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After some 20 trials over two decades, Italy's media king, Silvio - Silvio Berlusconi, received his first definitive conviction yesterday. It's for evading almost $10 million in taxes while he was prime minister. He was sentenced to four years in jail and will be banned from public office for at least one year. NPR's Sylvia Poggioli reports on what that might mean.

SYLVIA POGGIOLI, BYLINE: After more than seven hours of deliberations, Judge Antonio Esposito read the ruling of the five Supreme Court judges.

ANTONIO ESPOSITO: (Italian spoken)

POGGIOLI: In the name of the Italian people, the judge declared, Berlusconi's conviction and prison term are irrevocable. Given his age, almost 77, the former prime minister will not serve time in prison, and thanks to an amnesty law, three years will be shaved off his sentence. But for one year the multimillionaire tycoon will either have to do community service with a charitable institution or live under house arrest.

His movements, his visitors and his telephone calls will be restricted by the prosecutor's office. He will not be able to hold political rallies, and he will lose his Senate seat. In a late-evening video message, an angry Berlusconi insisted he's innocent and said he's the victim of judicial persecution.

SILVIO BERLUSCONI: (Through translator) Today's ruling confirms my belief that a number of magistrates in Italy are irresponsible and uncontrollable.

POGGIOLI: And he defiantly vowed to fight back.

BERLUSCONI: (Through translator) We must continue our struggle for liberty and our political battle. We will urge Italians to give us a majority, to modernize the country, and enact indispensable reforms of the justice system to free Italy from the arbitrary rule of the most terrible of all powers, the judiciary.

POGGIOLI: Berlusconi entered politics in 1994, after a massive political corruption scandal swept away the major political parties that had governed Italy for decades. He was three times prime minister but never fulfilled his promises of liberal reforms. His governments passed numerous laws that got him off the hook on many charges. Delaying tactics by his lawyers also helped him avoid jail, thanks to the statute of limitations.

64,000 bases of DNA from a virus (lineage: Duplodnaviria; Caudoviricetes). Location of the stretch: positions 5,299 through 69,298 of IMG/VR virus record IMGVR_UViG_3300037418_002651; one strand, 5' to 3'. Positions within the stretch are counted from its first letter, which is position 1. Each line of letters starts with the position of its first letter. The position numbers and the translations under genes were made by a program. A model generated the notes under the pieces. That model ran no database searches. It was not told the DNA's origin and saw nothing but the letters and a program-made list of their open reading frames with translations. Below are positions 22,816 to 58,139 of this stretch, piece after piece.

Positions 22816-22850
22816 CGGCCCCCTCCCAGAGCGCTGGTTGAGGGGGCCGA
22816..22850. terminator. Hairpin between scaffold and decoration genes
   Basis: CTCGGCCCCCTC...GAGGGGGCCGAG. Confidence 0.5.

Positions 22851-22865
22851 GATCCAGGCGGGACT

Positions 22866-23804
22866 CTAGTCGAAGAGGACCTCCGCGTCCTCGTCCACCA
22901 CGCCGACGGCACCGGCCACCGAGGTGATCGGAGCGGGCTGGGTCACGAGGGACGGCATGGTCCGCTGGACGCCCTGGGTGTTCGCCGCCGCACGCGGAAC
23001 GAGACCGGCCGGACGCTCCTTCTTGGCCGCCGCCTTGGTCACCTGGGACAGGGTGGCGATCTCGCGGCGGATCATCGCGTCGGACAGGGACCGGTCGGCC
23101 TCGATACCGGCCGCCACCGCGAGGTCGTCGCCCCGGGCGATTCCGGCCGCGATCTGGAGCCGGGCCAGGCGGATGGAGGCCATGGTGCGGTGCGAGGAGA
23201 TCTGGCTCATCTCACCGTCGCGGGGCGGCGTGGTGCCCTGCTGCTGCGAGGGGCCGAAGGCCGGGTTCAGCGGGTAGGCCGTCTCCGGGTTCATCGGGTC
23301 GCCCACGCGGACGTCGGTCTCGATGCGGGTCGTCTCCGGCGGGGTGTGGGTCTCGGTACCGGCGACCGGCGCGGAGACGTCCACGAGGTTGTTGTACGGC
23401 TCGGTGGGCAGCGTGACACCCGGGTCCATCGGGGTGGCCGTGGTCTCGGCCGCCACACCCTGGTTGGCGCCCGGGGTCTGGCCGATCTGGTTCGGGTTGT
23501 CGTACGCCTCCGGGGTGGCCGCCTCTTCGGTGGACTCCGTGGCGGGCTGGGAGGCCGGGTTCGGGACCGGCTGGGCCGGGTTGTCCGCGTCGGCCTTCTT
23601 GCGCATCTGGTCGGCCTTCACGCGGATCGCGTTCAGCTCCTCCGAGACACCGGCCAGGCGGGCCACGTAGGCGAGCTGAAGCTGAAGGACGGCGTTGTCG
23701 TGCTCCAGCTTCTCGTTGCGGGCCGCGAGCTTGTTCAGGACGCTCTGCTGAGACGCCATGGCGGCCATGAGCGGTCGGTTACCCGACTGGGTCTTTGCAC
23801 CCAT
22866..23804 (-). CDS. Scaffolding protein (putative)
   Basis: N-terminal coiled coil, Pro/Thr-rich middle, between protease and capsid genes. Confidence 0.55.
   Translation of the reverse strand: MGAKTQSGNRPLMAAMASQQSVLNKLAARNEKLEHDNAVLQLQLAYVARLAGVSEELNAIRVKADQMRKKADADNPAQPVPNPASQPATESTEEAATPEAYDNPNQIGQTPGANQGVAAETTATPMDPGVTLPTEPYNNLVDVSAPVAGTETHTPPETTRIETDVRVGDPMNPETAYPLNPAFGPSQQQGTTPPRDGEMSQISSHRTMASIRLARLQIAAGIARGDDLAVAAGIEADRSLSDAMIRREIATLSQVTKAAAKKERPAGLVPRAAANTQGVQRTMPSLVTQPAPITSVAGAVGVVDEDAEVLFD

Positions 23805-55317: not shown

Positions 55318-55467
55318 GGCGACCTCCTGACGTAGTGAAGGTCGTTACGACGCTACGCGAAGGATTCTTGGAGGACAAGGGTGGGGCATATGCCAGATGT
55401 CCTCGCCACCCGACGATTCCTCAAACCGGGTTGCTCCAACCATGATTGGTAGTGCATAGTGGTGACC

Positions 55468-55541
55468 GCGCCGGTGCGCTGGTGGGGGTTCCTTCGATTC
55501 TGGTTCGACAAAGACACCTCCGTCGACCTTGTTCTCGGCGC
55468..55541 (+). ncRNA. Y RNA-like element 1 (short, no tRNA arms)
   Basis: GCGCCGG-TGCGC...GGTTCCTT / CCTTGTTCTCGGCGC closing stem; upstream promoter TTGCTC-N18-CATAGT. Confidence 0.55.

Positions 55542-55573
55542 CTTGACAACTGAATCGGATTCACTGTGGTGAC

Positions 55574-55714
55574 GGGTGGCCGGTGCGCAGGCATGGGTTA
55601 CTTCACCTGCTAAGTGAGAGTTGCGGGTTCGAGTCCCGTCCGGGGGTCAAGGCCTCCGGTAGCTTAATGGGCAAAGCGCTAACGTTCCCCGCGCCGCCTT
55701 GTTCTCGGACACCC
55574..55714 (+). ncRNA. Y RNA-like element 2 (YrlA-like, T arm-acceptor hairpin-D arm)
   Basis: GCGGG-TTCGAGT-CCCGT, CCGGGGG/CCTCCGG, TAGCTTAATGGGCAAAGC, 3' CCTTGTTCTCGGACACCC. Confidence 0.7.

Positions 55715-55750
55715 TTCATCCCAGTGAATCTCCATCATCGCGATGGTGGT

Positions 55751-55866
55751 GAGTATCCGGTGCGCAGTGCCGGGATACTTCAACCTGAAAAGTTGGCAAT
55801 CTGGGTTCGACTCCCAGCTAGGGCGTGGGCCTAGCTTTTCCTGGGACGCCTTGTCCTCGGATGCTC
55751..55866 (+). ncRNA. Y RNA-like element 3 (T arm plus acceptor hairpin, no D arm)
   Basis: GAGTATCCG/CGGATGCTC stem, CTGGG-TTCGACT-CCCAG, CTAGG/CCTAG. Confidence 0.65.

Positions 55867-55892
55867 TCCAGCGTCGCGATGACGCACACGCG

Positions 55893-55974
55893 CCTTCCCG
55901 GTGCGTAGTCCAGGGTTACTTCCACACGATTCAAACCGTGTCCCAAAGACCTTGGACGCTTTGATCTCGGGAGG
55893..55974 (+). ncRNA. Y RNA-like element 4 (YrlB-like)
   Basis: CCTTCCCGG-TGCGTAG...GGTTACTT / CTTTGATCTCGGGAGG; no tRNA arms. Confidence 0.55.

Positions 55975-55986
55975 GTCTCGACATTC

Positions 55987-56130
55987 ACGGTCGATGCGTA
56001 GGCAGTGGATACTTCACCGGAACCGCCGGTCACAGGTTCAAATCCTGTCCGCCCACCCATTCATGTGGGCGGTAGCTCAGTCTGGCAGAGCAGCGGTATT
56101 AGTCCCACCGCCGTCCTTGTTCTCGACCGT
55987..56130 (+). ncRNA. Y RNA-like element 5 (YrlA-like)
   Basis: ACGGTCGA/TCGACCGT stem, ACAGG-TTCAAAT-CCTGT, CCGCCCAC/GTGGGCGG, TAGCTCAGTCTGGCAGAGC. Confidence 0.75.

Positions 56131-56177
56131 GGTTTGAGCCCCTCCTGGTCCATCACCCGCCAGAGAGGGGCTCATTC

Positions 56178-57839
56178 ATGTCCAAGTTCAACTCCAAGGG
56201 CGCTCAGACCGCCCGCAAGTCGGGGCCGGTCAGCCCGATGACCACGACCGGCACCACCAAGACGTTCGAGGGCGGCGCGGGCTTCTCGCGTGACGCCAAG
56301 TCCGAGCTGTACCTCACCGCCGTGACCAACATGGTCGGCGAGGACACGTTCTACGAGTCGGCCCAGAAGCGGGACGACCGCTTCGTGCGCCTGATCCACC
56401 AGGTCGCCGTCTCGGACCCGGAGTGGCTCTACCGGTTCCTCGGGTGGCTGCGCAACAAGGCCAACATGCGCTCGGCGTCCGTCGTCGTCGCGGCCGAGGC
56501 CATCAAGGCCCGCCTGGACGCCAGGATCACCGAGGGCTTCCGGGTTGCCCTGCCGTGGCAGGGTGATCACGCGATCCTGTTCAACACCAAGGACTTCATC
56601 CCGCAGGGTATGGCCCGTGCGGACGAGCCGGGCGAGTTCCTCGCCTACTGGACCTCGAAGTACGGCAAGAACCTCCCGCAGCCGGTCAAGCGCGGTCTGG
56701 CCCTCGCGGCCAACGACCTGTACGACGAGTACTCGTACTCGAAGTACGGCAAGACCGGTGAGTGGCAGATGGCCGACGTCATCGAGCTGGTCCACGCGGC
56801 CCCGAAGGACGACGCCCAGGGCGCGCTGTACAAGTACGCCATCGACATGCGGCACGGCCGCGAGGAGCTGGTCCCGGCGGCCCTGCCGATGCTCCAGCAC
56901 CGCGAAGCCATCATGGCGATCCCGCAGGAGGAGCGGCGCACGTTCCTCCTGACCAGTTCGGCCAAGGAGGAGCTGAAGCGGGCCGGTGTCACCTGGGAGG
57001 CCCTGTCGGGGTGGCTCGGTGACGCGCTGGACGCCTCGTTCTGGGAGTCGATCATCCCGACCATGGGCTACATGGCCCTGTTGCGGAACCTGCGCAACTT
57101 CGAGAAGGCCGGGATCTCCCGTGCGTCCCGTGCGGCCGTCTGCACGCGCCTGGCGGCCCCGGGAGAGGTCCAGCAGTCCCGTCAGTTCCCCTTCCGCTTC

During his 20 years in power, his media empire grew, and today he's Italy's richest man and one of the richest in the world. Commentator Marco Travaglio is one of Berlusconi's most severe critics. He says that in any other country a man like Berlusconi would have been in jail long ago.

MARCO TRAVAGLIO: (Through interpreter) So this ruling is simply a long-delayed appointment with justice. It's long been known that Berlusconi is a notorious outlaw, and sooner or later he had to end up in trouble.

POGGIOLI: Ever since he entered politics, Berlusconi has polarized the country. For two decades the left and the right have been waging what's been called a verbal civil war. But after an electoral stalemate last February, the two antagonists were more or less forced to form an awkward governing coalition. The misalliance was created in order to try to deal with Italy's severe economic crisis. But old animosities have prevented the governing parties from achieving much of substance.

Berlusconi's conviction is likely to further weaken the coalition. Many within the center-left Democratic Party have already signaled they don't want to govern together with a convicted politician. As millions of Italians now head off for what is considered the sacred August vacation, there's little chance of an immediate government collapse. The real test of the government's stability could come in the fall. Sylvia Poggioli, NPR News, Rome.

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